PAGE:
More about the lawsuit after the break.
Axis Mundi … remember that firm? Back when controversy surrounded Jean Nouvel’s proposed tower for the MoMA’s expansion, the firm offered an alternative stacked design highly different from Nouvel’s metallic creation. It seems Axis Mundi is back for the shock value as the firm has just released images for their version of the new Whitney Museum of American Art. The current design, led by Renzo Piano, utilizes his characteristically light and technical aesthetics (check out his Shard which is under construction) to create an elegant addition critics have challenge may be too “timid” – Axis Mundi’s design is anything but. Their proposal incorporates a loud exoskeleton that not only seems completely out of scale, but also fights with its neighborhood for attention rather than settling into its context. The geometry, which has been shaped by the sight lines and street grid of the city, intends to reference Breuer’s Whitney on Madison Avenue. As The Architect’s Newspaper Blog noted, the proposal mentions nothing of cost – one of the biggest obstacles Piano is facing.
Check out more images of Axis Mundi’s proposal after the break.
Renzo Piano’s Shard is quickly climbing up London’s skyline. The 1,016 ft high skyscraper will provide the mixed use density the city needs, as it incorporates apartments, office space, a spa, hotel and restaurants within its sleek pyramidal form. Inspired by perhaps a ship’s mast from the Pool of London, or a modern take on the church spire, the Shard will become a prominent fixture in the skyline as it nears it completion. Check out these images illustrating the Shard’s progress – the crisp aesthetic commonly found in Piano’s projects is becoming evident as the low-iron glazing is applied to the structure.
More images after the break.
We just featured an article about London’s construction frenzy, which includes over half a dozen skyscrapers for the city. This new era will completely alter the city’s skyline as tall buildings will be sprouting everywhere to house new office, commercial, and residential activities. Of these new structures, Renzo Piano’s 310 meter high mix-used tower, The Shard (be sure to check out our coverage of the tower), will not only become London’s tallest tower, but also the tallest building in all of Western Europe. Of all of London’s new developments, we are excited to see this dynamic tower’s impact on the city and its relationship with London’s context and future neighboring skyscrapers.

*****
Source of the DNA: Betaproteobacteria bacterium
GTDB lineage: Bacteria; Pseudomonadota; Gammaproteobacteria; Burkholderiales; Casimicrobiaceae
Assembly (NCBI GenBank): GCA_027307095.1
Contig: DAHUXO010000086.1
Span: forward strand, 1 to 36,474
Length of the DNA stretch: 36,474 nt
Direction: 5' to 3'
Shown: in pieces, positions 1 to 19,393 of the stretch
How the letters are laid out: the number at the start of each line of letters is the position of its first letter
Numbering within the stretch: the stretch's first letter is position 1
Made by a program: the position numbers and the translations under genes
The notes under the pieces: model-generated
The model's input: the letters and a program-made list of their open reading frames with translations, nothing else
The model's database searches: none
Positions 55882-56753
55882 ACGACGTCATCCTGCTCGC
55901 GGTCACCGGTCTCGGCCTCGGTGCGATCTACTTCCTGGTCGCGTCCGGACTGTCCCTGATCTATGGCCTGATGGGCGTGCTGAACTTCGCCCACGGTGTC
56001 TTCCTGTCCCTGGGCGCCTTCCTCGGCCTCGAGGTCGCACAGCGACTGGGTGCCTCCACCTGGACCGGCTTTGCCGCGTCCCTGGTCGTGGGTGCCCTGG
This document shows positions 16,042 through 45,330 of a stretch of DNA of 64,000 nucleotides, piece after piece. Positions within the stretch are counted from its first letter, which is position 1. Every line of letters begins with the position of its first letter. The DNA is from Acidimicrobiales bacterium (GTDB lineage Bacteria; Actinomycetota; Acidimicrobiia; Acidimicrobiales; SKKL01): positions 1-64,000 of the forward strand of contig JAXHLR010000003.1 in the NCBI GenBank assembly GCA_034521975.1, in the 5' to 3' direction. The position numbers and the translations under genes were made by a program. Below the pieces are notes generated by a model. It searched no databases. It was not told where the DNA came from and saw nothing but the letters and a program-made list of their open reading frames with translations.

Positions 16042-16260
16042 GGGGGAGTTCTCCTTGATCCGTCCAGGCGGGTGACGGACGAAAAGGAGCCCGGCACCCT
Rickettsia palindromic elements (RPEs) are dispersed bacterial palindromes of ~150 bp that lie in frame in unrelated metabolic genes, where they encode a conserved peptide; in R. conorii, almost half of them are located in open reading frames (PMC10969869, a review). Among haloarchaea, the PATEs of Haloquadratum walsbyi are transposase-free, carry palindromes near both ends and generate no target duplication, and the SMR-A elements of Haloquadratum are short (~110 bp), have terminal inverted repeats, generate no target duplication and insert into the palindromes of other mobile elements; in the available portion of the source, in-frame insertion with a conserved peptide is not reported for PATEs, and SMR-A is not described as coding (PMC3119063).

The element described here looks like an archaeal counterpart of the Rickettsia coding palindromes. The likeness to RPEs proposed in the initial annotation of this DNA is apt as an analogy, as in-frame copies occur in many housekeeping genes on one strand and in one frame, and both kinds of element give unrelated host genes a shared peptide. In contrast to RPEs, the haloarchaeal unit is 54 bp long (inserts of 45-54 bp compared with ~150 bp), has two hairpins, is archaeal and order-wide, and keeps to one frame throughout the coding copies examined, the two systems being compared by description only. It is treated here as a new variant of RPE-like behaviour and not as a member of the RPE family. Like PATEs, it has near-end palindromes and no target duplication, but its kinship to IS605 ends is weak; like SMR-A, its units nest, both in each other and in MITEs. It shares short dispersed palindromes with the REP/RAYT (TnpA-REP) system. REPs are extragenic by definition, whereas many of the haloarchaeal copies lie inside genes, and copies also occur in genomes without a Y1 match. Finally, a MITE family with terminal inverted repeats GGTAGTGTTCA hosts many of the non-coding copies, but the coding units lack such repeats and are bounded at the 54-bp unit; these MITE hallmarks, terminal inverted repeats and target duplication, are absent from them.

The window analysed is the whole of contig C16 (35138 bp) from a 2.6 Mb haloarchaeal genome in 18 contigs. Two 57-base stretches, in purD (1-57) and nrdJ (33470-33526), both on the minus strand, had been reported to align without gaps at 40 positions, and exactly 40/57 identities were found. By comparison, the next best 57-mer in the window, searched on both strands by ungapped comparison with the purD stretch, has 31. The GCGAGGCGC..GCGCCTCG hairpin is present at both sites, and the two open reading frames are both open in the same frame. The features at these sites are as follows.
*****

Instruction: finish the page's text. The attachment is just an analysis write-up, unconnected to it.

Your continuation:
We have new images to share from Renzo Piano Building Workshop and more video clips of the construction progress after the break.
In his article about Renzo Piano’s revised vision for the Whitney, Nicolai Ouroussoff explains that the neighborhood’s criticism and the museum board’s indecisiveness have continually provided stumbling blocks for the museum during its attempts to expand. Upon agreeing to realize Piano’s design for a satellite museum in the Meatpacking district, hope were high that finally, after 25 years, the museum would complete its much needed expansion.
Yet, it seems that Piano is in the midst of a new struggle resulting from the global economic downturn. While construction costs have dropped, allowing the cost of the project to slide under $200 million (persuading the board to commit to breaking ground), the museum is still struggling to contain costs and begin building before prices rise.